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Old 04-22-2014, 01:46 PM   #1
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No need for IMS upgrade on 1998 base Boxster?

After reading and re-reading the various threads, it appears my 1998 base model Boxster (made 11/97 in Finland) with 73k miles has a double row engine, which is less prone to IMS failure (apparently less than 1%).

Is this correct? If so, I'll probably pass on the IMS upgrade.

Thanks in advance for your comments and insight.
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Old 04-22-2014, 02:13 PM   #2
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Well, i have also done loads or reading and re-reading as well. I have been to see a couple of Porsche specialists on the very matter and the last guy i spoke to i found very knowledgeable and basically the conversation lead to the overall design of the Boxster engine. My 986 is a 2004 2.7 car and has the 3 timing chains which i am told are an improvement from the previous 5 timing chains on, i think, the 2.5 cars. Anyways the IMS was intended to last the lifetime of the engine, which as we all know can and probably will fail prematurely. I was looking to upgrade my IMS, RMS and clutch all together mostly for peace of mind, but most of the specialist ive spoken to tell me even the upgraded bearings can still fail. i am told the oil fed bearings so far are the best option. As it is not intended to be replaced they recommend having the engine removed strip down and rebuilt with complete new IMS shaft and full seal kit. But that is about £4500.00 and then the bearing can still fail. Apparently to save money porsche made both cylinder heads the same , rather than on left hand and one right hand, thus the need for an intermediate shaft to drive the timing chain at each end of the engine.

my car has done 86k miles, 40k done by me in the last 5 years. I probably won't get an upgrade at the moment. its due for a service end of this month so i will have the oil thoroughly checked for debris then plan it from there.

i found some good info on the Porsche servicing, repairs, engine rebuilds, reconditioned wishbones and cars for sale - near Bolton, North West England. website and thats who the specialists i have spoken to have recommended for the engine rebuild. i know they are here in the UK but you may well find some useful info.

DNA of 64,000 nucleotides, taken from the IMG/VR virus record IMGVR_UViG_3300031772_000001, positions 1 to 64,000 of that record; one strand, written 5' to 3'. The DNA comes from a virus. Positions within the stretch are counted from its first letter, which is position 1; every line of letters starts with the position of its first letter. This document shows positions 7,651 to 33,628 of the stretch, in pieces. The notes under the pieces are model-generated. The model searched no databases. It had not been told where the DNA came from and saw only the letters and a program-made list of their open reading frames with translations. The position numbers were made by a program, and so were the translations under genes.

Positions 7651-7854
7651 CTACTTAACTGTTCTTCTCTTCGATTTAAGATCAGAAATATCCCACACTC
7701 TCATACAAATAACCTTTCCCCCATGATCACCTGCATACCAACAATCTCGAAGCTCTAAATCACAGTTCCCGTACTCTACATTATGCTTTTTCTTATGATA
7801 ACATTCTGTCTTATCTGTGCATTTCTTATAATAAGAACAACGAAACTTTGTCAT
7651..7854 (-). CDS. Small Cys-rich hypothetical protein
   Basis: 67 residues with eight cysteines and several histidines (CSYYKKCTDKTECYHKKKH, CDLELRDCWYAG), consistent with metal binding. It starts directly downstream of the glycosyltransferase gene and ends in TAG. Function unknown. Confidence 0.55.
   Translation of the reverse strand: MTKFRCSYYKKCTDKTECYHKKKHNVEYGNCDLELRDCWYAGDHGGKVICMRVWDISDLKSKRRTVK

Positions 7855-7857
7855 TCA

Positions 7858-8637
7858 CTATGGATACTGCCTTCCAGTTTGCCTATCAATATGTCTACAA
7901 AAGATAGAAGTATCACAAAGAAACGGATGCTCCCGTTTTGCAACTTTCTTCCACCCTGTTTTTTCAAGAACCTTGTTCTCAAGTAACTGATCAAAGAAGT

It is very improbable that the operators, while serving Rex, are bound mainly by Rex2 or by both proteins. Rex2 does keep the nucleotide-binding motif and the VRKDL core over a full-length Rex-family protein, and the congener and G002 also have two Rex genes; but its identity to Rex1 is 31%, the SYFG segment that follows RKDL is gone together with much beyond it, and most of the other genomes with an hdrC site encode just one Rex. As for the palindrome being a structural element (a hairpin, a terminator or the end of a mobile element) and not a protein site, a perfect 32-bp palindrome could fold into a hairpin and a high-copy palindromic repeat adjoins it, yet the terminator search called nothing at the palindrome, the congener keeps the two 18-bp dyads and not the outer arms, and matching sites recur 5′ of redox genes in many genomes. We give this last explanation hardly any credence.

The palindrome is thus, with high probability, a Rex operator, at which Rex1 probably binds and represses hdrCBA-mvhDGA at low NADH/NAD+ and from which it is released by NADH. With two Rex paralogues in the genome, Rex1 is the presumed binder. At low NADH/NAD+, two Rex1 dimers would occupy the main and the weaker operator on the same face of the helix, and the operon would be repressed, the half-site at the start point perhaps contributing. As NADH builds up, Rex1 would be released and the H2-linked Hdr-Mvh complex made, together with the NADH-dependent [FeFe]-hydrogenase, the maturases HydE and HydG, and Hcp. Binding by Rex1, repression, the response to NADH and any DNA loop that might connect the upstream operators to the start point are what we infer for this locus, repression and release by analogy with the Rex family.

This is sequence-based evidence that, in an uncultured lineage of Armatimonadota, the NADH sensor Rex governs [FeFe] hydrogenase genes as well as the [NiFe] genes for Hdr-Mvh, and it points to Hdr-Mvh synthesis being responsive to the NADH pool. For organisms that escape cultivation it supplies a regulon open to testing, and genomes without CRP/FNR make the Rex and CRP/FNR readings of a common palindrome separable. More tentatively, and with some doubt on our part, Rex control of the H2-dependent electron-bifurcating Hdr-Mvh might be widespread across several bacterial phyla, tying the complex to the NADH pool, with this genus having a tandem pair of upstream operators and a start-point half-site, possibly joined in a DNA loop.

from what i can tell and read it is completely pot luck if and when it will fail. I try not to worry about it, but i still do.

sorry if i dragged on a bit but that is the info i have read and been told.

hope it helps

steve.
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Old 04-22-2014, 02:28 PM   #3
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Originally Posted by SvenskaPoika View Post
After reading and re-reading the various threads, it appears my 1998 base model Boxster (made 11/97 in Finland) with 73k miles has a double row engine, which is less prone to IMS failure (apparently less than 1%).

Is this correct? If so, I'll probably pass on the IMS upgrade.

Thanks in advance for your comments and insight.
All M96/97 share some level of potential for and IMS failure, and while the percentages vary and in some cases may be low, the consequences of the failure are usually catastrophic. You need to decide if you are willing to live with that risk.
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Old 04-22-2014, 02:46 PM   #4
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it's not really an "upgrade". That's the wrong way of looking at in my opinion.

It's more a refresh that happens to come with some key upgrades. Fact is a sealed bearing, even a dual row, will not last forever.

Given enough time under the wrong conditions, and a dual row bearing, like on 97-99 cars, will fail as well.

The inherent flawe in this bearing design is not addressed in any IMS bearing be it from the factory or the aftermarket, they all simply attempt address longevity, some very well others not all.
But at the end of the day oil contamination and oil starvation of the bearing still appear to be the root cause of these engine failures. Today we have some options available to us that insure that oil starvation is not a problem anymore (Direct Oil Feed lines) and other options remove the bearing altogether (the LNE Solution). But you're not getting either of these perks by leaving the factory bearing in there simply on account of it being a dual row bearing.... a bearing now pushing the 15-20 year mark.

so unless you know how the previous owner took care of the car it's a bit of mystery for any car if your IMS bearing is near its end or good to go.
If there's any doubt about this, the best policy is simply to put in a new one. After all a serviceable bearing should be replaced at some interval to avoid collateral damage.
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Old 04-22-2014, 02:51 PM   #5